Well, yeah. After you have been referred to palliative care you just don’t worry about money anymore; I have everything that I need, and why would I want more? My prognosis has improved since then, but the lesson remained. Demon’s thoughts about the divisions between the people of the land and people who live in cities based on economies remain with me. In a way, the division between the healthy and the chronically ill is similar. The divisions between different ethnic and religious groups. The divisions between gun owners and those of us who want gun regulation. How many of these divisions are rooted in the underlying social/economic structures glimpsed in Demon Copperhead? I guess you could say that this book was life changing. I’m knitting to a new book these days, but the reflections rooted in Demon Copperhead go on.
Yesterday Demon Copperhead won the Pulitzer Prize!!
18 thoughts on “Thoughts while knitting to Demon Copperhead”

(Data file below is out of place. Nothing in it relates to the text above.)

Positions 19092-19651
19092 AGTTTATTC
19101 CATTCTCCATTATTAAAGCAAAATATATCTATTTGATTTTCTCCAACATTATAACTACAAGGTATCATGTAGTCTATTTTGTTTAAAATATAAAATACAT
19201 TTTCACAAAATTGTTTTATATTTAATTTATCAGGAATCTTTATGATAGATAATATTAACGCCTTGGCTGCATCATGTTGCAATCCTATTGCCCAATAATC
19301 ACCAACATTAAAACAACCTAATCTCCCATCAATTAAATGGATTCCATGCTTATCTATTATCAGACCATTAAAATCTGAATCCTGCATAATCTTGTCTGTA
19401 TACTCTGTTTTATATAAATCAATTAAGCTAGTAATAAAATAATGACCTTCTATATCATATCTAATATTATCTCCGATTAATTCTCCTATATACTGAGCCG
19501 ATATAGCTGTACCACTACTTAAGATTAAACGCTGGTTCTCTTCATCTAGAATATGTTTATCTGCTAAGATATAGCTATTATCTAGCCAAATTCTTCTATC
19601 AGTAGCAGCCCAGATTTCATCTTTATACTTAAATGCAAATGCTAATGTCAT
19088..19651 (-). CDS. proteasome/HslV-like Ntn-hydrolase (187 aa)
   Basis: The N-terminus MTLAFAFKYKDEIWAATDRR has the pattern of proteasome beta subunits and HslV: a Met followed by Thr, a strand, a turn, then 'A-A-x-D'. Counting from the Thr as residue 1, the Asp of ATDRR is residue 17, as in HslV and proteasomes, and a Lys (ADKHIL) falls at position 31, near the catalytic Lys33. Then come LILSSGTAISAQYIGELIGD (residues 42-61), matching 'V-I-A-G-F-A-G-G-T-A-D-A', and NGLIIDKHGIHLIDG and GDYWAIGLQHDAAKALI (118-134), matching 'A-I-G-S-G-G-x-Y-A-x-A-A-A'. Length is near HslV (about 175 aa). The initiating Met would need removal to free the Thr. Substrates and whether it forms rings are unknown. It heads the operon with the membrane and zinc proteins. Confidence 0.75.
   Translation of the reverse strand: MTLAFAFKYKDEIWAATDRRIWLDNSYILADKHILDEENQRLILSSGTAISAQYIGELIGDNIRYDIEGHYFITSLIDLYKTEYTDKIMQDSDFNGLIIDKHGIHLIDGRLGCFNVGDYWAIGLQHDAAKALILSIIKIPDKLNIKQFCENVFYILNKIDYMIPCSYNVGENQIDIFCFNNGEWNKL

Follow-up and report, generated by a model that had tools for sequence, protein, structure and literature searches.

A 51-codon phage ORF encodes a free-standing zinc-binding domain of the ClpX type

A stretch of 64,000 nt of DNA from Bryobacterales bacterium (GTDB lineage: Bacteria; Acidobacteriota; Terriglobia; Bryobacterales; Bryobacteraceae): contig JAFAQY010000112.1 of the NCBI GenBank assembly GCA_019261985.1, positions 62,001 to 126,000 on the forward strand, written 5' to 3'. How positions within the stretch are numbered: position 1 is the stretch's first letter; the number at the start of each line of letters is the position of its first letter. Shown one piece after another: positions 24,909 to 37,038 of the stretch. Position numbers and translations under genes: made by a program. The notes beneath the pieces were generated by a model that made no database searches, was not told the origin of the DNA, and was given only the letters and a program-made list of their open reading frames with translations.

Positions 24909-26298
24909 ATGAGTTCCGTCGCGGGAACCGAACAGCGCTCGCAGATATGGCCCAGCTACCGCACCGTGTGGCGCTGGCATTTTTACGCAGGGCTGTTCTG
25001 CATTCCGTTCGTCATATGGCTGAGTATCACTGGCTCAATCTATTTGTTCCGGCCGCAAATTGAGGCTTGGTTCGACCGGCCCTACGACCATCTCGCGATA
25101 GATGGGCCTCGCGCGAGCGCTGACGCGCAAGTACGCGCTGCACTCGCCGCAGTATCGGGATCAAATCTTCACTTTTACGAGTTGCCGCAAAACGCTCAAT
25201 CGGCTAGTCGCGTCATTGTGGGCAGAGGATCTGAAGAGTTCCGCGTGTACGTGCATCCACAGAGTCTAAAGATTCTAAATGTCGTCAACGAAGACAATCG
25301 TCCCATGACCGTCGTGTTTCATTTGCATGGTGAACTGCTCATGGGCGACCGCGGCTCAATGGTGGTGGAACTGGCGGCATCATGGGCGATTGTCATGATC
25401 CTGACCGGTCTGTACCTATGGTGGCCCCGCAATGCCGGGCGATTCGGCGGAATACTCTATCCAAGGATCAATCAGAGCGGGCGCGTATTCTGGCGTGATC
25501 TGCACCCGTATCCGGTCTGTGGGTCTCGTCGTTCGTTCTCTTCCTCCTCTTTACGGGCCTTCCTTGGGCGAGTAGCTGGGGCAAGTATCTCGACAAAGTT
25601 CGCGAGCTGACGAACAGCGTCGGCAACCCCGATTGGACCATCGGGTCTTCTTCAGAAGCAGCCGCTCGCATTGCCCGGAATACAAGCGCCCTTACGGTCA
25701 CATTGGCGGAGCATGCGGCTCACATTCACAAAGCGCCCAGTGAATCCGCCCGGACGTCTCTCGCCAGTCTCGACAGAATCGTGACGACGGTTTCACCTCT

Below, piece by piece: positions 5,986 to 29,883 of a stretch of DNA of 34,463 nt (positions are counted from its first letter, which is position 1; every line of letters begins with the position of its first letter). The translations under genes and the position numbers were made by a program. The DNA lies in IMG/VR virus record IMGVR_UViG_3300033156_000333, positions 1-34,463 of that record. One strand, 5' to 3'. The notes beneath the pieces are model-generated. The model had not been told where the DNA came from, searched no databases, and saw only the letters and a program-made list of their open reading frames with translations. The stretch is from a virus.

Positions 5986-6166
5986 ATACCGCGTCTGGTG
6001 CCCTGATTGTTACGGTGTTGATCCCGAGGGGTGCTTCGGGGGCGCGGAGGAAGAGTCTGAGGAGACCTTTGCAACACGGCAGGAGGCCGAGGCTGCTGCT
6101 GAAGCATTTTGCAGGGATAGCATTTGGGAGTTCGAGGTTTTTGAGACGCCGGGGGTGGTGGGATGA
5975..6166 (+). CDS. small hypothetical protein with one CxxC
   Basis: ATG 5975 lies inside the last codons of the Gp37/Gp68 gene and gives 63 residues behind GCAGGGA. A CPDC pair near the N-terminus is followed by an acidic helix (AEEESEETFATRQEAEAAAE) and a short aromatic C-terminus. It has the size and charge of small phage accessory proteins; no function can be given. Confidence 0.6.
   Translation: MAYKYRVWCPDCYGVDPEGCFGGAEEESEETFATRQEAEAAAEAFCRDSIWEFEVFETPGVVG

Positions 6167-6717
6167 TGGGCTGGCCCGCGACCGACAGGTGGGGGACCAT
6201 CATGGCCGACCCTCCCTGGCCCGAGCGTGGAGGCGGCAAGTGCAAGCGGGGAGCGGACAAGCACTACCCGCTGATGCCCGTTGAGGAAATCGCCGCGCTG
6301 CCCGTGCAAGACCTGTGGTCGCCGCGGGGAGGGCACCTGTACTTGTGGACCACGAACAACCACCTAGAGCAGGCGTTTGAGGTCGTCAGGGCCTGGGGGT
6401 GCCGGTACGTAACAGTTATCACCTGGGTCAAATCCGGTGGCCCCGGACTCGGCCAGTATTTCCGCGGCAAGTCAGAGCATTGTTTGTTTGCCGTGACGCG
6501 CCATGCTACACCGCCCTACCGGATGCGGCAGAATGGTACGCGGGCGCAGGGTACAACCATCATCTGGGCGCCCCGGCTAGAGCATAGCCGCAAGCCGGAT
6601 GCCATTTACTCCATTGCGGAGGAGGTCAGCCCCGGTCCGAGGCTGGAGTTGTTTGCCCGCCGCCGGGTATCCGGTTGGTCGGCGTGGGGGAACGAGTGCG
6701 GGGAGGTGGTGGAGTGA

I say, Marilyn !! – that must’ve made you feel like some kind of .. well, seer ! 😀 (I felt a wee bit like that after reading “Wolf Hall” that promptly won the Booker Prize.) Kingsolver says “as a writer I definitely choose the fast car, the impossible rock face, the free fall”: she obviously likes a challenge as much as you do, m’dear.
I loved, loved, loved Wolf Hall. That was also an amazing book that really caused my perspective to shift.
I’m not sure that I like challenges, but by golly I’m going to try to raise to them.
Not like challenges ???